You should really get yourself prequalified so that you know what you will be able to afford. Otherwise you may be wasting money on mailers, and waisting yours and the Seller's time haggling over a deal.  Besides having a pre-qual in hand is a good negotiating point.

Buying units for your first property is a fabulous idea and taking advantage of the FHA super low down is a great way to buy units

I would also take a look at what is listed on the MLS just in case you see a deal that you really want. SD is expensive and even off market deals can sometimes sell for almost as much as retail. I can run a search for you and email you the link if you want. My suggestion if you want to do mailers would be to go "driving for dollars" and look for some more rundown properties in an area that you want to buy in. Then you can get the owner name and address from the tax rolls and start your mailing. One hitch may be that the owners may not want to do any work, and some older buildings will not meet financing criteria so you may need to get a 203 qualification as well.

Regarding out of state investing, it is a good way to make some cash and high returns with a lower point of entry than San Diego. However, I would use that FHA loan and buy your first Owner Occupied Investment property with little down first and foremost. I currently own rentals out of state in Northwest Indiana. If I used my money to buy a home, I would be paying the same amount as my current rent, but have upside in appreciation, but risk in depreciation and repairs, liability, etc. If I bought a rental here in San Diego with my cash, I would be collecting about $1500 a month in rent. However, I am collecting $7400 a month in gross rent which pays my rent and then some. Food for thought.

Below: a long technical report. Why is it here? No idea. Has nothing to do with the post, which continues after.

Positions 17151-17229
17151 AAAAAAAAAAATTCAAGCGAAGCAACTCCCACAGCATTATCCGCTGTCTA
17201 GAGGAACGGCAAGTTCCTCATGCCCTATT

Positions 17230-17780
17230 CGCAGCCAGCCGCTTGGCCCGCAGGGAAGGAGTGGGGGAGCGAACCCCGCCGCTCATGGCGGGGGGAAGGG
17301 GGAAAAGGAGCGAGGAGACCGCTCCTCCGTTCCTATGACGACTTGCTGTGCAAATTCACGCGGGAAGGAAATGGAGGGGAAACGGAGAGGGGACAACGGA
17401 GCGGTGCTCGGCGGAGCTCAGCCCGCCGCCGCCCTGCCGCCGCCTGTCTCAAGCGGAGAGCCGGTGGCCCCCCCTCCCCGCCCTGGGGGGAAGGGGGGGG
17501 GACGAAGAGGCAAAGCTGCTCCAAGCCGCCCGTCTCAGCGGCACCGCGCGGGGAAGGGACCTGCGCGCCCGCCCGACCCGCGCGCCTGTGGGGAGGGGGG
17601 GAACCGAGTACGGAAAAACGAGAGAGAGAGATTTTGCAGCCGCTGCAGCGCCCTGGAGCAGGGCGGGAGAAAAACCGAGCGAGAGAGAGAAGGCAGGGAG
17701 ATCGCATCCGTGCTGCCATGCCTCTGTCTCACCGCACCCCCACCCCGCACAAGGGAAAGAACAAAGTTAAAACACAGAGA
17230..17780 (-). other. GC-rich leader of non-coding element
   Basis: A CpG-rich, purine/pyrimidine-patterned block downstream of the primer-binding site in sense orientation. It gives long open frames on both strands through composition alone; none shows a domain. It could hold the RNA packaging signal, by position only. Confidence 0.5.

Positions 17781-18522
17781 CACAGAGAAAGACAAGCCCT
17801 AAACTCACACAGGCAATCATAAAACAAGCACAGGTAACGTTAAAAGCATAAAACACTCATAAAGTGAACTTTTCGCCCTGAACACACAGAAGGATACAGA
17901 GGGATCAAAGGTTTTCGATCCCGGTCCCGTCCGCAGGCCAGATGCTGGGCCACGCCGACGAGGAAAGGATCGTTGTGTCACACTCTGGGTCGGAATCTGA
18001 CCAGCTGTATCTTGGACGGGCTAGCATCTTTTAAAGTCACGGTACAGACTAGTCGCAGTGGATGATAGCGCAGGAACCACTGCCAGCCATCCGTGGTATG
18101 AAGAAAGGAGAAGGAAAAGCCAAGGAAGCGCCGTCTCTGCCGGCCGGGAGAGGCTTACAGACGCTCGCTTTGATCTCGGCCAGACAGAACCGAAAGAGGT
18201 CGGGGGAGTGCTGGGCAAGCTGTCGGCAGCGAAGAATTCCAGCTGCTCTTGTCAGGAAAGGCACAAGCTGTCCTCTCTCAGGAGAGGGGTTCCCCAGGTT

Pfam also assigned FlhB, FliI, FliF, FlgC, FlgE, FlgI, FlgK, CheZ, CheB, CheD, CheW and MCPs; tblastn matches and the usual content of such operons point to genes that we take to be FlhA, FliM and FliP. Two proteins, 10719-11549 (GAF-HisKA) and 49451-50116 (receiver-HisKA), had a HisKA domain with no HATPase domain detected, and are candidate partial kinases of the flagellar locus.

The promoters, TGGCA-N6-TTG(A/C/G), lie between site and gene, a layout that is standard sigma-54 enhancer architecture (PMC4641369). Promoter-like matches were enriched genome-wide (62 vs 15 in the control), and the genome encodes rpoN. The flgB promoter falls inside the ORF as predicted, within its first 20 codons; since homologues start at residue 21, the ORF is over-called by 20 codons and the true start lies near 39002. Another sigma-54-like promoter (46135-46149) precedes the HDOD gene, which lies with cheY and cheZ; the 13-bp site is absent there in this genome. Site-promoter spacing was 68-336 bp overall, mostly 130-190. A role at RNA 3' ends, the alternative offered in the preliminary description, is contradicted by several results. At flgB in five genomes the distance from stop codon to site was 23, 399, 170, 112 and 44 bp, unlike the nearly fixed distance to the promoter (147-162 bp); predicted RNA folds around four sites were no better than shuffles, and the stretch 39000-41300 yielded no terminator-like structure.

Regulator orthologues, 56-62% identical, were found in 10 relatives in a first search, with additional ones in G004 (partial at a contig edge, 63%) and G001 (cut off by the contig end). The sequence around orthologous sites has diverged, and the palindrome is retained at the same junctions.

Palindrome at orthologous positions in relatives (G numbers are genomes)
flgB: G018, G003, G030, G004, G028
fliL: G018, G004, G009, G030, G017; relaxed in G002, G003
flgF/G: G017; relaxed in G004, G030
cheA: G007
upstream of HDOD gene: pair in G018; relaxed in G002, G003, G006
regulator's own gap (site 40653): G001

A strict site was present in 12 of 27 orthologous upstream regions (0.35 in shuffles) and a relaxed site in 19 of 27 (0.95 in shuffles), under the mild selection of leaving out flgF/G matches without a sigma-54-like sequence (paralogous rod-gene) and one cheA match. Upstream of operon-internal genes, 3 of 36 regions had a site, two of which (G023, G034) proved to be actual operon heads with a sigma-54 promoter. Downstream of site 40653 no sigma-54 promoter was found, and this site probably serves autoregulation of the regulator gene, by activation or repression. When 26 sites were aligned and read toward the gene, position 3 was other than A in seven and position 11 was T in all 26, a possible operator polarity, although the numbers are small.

Let me know if you want any help.

Thanks @Justin Fernandez

I was aware you could determine the length of the contract but I didn’t think about giving myself enough time to land a loan. I’ll be sure and grab the book asap!

Thanks @Adam Pierce

I just heard of this strategy on a podcast. Putting out the word with a bunch of wholesalers to go and bring in some deals (hopefully off market). I really need to start attending all the REI clubs in my area. I always seem to find an excuse not to. I've heard this is a great way to meet wholesalers in my exact market. And of course using bigger pockets.

If I do go with the direct mail route, I understand that it won’t be a quick one time deal. From what I’m reading you are correct, I’ll have to touch the home owners a few times before anything sticks.

How did you start on your first multi?

Thanks @Shawn Couch

I will definitely look into getting pre-qualified before I get started. I imagine this will also assist in letting me know exactly where I need the deal to land (financially). I won't completely ignore the MLS, but just from running my own numbers I have never found anything that would at the very least break even after I moved out. These of course are usually places that have sat on Zillow for 6-7 months so basically, no one wants them. Now having access to deals once they hit the MLS, that's something I haven't tried. Maybe I can work out something in the near future.

So do you own here in SD at all? Out of state does sound promising, but I feel there are enough things that can go wrong with me in a place I’ve lived my whole life. Maybe after I have a grip on what it takes to land lord locally, Ill look into another place like Indiana.

Mind if I ask how you acquired your property out there? Did you work with a partner who has boots on the ground? Family?

@Brandon Heath

I do own a condo in North Park that cash flows, but it was picked up via a short sale. Those are hard to come by now a days, and very few sit on the MLS for long before they get scooped up. I had a tri-plex in OB, but sold it in 2008 for a BIG gain. I lived in the front and the back units paid my mortgage.

My out of town properties are coordinated via a local investor who I partner on some flips and pay to rehab my keepers.